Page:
Yet Bitcoin can help bring some equilibrium in this situation. Thanks to its universal and neutral nature, developing nation states can use BTC to transact at fixed rates and allow their citizens to prosper regardless of external market conditions. A weightless and borderless version of gold that can be moved globally in a matter of minutes is definitely a disruptive factor. And the fact that no external political actor can operate monetary changes through inflation or arbitrary devaluation is also unprecedented.
Citizens empowered to own unconfiscatable sound money will also benefit from a better financial education and more autonomy to make decisions for themselves. The resulting smaller government will be more scalable and capable of dealing with issues. And ultimately, human development becomes easier to attain thanks to microeconomic development.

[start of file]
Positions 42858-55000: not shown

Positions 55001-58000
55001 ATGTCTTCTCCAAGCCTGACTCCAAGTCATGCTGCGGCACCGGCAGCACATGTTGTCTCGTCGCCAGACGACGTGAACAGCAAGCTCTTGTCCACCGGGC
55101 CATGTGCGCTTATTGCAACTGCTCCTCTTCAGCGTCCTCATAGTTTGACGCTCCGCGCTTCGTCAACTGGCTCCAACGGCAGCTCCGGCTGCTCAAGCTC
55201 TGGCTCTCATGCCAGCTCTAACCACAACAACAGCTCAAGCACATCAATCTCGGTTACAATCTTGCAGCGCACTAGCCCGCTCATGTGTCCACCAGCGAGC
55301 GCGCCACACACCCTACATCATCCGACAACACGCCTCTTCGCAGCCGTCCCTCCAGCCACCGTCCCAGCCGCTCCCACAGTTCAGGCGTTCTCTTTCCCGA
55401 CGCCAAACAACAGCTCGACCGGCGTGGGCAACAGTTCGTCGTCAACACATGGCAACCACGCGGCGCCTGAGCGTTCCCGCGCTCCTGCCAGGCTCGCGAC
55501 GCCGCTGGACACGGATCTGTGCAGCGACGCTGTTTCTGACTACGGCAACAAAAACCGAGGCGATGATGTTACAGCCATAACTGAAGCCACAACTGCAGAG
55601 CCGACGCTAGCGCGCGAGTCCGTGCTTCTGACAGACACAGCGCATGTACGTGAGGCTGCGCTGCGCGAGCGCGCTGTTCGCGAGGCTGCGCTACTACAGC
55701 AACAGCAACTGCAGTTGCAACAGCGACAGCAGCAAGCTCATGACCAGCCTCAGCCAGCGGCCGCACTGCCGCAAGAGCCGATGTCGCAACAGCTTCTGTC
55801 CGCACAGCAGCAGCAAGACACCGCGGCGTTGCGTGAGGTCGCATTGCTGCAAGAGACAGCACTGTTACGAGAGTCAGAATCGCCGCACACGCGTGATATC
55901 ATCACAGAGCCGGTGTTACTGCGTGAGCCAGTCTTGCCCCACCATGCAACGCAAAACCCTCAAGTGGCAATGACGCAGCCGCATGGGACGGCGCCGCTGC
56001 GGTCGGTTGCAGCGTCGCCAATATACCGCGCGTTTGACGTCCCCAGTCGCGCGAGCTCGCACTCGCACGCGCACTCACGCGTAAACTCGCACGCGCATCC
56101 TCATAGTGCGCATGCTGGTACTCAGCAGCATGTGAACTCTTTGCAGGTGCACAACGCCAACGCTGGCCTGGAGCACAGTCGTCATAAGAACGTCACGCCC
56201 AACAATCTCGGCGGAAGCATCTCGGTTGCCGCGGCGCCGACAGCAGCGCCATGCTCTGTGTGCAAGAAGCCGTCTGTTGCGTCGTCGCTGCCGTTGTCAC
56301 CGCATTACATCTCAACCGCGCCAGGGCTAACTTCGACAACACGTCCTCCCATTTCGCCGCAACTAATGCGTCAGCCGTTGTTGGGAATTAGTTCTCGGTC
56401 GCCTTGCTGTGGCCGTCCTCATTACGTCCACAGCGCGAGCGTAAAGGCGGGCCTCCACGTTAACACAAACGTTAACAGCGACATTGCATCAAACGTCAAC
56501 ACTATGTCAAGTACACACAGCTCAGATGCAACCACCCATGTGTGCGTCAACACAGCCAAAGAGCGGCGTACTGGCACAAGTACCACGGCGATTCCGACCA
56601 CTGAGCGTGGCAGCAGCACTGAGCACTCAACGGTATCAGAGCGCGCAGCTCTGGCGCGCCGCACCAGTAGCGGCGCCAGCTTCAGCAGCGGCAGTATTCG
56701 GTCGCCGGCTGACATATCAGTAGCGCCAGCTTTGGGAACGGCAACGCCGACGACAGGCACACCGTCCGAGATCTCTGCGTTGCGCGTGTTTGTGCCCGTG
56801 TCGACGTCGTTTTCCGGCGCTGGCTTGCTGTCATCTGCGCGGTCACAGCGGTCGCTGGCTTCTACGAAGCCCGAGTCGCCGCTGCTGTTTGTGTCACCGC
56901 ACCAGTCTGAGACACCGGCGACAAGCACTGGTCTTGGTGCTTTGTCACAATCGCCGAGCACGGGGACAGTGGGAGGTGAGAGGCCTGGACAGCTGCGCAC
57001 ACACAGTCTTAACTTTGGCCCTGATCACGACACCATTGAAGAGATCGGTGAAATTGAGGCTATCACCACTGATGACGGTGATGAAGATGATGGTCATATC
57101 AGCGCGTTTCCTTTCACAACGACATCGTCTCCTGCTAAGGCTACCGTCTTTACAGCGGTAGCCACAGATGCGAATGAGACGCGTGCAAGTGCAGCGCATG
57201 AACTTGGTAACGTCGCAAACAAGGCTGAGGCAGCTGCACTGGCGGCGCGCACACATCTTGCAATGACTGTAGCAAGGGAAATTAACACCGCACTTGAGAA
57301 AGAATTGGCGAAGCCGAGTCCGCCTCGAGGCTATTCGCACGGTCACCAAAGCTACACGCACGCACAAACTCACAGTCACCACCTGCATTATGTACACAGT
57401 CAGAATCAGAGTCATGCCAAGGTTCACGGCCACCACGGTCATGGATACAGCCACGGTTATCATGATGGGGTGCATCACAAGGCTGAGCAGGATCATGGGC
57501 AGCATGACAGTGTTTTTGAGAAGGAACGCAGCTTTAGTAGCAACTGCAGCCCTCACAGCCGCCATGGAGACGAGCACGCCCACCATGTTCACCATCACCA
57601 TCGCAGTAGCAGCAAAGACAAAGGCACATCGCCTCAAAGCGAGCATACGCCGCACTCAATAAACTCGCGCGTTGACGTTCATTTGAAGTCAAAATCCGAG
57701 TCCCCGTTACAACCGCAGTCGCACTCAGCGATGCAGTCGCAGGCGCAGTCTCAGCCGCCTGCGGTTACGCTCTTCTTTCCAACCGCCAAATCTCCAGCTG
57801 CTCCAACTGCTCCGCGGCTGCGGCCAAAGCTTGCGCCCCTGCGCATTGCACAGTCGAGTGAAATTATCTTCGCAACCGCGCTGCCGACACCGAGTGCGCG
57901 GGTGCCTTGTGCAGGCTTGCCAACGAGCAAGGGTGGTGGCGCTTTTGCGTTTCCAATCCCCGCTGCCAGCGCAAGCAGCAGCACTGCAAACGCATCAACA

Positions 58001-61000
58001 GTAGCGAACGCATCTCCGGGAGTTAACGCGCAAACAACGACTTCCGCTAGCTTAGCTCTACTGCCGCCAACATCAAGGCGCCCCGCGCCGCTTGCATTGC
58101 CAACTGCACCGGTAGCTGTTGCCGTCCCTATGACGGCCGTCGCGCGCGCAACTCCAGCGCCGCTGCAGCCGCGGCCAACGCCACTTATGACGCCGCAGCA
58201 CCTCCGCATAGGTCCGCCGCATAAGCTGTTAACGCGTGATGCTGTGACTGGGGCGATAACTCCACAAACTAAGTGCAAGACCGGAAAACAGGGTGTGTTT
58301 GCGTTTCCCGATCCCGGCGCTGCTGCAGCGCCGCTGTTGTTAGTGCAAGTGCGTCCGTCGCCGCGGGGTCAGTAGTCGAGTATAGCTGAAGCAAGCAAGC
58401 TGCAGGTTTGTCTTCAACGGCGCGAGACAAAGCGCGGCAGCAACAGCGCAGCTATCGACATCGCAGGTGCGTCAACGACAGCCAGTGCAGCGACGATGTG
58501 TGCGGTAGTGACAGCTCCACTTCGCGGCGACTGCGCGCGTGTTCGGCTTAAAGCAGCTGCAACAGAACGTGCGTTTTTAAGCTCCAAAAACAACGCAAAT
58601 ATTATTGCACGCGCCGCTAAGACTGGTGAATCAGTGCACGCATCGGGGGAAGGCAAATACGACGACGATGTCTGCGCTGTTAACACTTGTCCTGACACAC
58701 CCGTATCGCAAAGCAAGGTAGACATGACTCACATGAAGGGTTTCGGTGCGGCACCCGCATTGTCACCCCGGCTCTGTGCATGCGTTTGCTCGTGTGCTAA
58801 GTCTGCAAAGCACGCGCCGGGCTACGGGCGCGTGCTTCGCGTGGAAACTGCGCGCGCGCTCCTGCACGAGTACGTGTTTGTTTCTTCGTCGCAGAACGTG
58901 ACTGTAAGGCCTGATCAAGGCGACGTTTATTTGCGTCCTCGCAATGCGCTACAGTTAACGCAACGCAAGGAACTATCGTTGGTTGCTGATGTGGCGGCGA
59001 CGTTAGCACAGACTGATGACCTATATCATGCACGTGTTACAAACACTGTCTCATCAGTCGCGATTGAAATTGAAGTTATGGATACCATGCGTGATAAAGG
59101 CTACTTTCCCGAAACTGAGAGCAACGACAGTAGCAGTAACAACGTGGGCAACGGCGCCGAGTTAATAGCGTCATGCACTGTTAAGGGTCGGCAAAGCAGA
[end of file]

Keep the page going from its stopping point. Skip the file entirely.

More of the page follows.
Nation states should also keep bitcoins as a reserve currency, accept taxes to get paid directly in BTC, and leverage their position to better negotiate their status in the region. Not being restrained by the volatility of another government’s fiat currency can be liberating. Renegotiating trade deals and regional peace treaties is also a benefit that Bitcoin unlocks. Also, building an economy around a currency whose inflation rate is predictable and fixed can bring lots of benefits in terms of long-term planning, sustainability, and predictability.
Bitcoin can put an end to short-time preference and allow developing nations to think on the long term.
With Bitcoin, Developing Nations Can End Colonialism
Most wars of independence were fought in the eighteenth, nineteenth, and even twentieth centuries. However, the removal of political control by hegemonic empires does not necessarily imply a state of sovereignty and self-reliance.
A closer look at the list of developing nations reveals an ugly truth: most of them are former colonies that are still in a relative state of dependency with the governments that colonized them until World War II.